In addition to my many other projects, I started on working on my own game. This is the first gaming project that I've started that I'm tooling away with, trying to create a game from scratch. I've built within other people's systems before, and it is already daunting.
A big part of the underlying system here is based around the things that I enjoy in games. Elegant systems that we see coming out are something I'm incredibly fond of, and I'm trying to find a way to keep gameplay fast, and keep players engaged.
One of the biggest things that has been frustrating me lately has been the strict demarcation between "combat" and "noncombat" characters that occur in various RPGs. My gaming group plays a lot of Call of Cthulhu, and it seems to be a regular occurrence that they specialize into various roles, leaving them unable to operate well outside of that role. This follows the basic theory of economics giving the need for specialization, and it has served them well. They're usually able to take on most balanced challenges between this and being prepared for what they go into.
The result, however, is a lot of roleplaying that isn't necessarily fun. Players find themselves on the outside of various scenes, as it mechanically reinforces someone else having the spotlight. The downside is they're often completely out of the game at that point, and that's when cellphones come out and minds start to wander.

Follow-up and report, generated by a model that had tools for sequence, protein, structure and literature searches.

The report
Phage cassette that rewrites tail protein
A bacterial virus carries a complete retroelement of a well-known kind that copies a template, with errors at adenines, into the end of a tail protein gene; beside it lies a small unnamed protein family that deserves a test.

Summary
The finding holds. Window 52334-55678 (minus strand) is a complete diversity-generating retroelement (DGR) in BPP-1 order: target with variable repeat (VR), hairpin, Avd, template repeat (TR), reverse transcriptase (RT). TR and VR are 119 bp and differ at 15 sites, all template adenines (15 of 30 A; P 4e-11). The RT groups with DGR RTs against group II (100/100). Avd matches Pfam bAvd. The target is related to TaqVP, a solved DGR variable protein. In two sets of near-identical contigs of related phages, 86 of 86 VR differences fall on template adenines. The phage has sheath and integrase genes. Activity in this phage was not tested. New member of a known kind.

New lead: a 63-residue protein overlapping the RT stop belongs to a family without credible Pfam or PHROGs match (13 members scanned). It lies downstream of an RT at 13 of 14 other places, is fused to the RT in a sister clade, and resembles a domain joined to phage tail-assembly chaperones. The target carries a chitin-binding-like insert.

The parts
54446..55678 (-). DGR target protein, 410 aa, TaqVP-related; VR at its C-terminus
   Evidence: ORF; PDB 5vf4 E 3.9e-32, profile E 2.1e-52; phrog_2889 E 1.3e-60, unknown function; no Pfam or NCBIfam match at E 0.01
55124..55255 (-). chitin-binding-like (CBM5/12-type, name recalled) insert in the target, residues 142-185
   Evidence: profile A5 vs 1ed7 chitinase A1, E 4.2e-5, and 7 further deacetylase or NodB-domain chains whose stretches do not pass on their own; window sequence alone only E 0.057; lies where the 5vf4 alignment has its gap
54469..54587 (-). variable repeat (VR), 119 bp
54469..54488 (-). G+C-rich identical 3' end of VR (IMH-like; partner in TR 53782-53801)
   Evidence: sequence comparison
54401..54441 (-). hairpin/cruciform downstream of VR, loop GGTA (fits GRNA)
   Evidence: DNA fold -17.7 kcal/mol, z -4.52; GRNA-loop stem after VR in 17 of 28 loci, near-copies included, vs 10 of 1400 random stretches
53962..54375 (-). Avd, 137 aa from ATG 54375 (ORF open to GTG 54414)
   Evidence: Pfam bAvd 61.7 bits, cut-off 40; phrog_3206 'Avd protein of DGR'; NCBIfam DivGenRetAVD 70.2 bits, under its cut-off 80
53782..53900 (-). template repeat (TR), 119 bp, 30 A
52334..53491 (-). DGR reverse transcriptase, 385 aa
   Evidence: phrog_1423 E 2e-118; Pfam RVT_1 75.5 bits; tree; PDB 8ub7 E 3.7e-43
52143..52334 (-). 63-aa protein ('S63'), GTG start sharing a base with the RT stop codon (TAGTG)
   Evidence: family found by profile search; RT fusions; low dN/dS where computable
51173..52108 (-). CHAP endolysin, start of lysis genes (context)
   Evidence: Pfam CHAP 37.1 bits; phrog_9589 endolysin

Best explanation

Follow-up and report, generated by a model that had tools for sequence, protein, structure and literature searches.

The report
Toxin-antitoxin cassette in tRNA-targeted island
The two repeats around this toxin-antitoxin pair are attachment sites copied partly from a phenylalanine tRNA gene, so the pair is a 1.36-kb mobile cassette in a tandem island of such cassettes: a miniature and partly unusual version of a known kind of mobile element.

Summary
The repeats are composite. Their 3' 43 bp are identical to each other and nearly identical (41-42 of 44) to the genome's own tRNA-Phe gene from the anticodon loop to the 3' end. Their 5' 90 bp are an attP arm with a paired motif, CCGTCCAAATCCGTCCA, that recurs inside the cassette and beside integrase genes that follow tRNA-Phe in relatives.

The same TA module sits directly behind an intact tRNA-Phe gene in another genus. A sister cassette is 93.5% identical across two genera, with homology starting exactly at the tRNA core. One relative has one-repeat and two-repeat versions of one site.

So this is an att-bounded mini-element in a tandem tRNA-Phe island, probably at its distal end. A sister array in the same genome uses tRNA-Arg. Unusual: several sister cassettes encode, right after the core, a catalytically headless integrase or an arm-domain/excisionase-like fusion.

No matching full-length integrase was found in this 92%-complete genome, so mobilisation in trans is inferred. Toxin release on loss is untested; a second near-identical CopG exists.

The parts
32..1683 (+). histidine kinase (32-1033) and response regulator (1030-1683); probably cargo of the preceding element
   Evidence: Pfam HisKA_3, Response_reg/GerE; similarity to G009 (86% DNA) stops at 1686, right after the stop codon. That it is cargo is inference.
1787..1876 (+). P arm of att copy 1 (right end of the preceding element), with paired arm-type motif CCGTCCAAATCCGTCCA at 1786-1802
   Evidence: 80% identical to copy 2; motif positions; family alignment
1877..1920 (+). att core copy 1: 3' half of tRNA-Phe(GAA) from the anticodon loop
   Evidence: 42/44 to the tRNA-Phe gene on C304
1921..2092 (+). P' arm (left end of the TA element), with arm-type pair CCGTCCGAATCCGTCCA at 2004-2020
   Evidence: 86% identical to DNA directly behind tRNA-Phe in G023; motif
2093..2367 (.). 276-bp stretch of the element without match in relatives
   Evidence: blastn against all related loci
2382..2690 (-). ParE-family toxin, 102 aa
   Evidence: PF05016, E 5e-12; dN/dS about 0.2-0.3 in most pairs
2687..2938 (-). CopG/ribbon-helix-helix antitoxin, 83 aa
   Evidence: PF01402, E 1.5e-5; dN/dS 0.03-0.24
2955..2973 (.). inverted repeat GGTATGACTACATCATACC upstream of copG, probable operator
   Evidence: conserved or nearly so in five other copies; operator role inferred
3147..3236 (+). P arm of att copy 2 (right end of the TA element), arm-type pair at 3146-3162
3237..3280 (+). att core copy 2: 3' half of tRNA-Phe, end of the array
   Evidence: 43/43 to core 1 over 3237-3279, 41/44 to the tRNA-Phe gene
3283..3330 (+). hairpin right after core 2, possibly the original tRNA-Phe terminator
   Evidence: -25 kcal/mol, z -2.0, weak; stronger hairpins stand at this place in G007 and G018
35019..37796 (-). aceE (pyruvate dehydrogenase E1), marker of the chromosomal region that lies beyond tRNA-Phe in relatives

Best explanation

One of the first things I came across was wanting there to be both specialization for different characters so they can each have their own role, but also for it not to be along the combat and non-combat demarcation. Everyone is capable of communication, and even the most battle hardened of soldiers have a plethora of skills that matter outside of combat.
To achieve this, I've been toying with a couple of different ideas. An early one that I considered was creating a requirement for a number of skills to have to be noncombat, not dissimilar to how Call of Cthulhu has Interest Points during character creation. As most players of Call of Cthulhu know, this often leads to bizarre circumstances like the professor who is also one of the world's best snipers. I don't begrudge players trying to ensure their characters survive, but naturally this led to me to consider a different tact.
The current system that I'm working on for a very early alpha test, then, is based around a presumption that the same skill can be used both in and out of combat. Being a gigantic and powerful soldier, for example, will mean that you're also intimidating and know how to do basic soldiery tasks. A paragon of leadership is a great leader both in and out of combat. The list goes on.
I've got an early alpha coming up, but this is definitely going to be a new feature as I start to talk more about game design and the like. Next up on this specific topic is going to be dealing with the parts of the game you're excited for, and the parts that you aren't.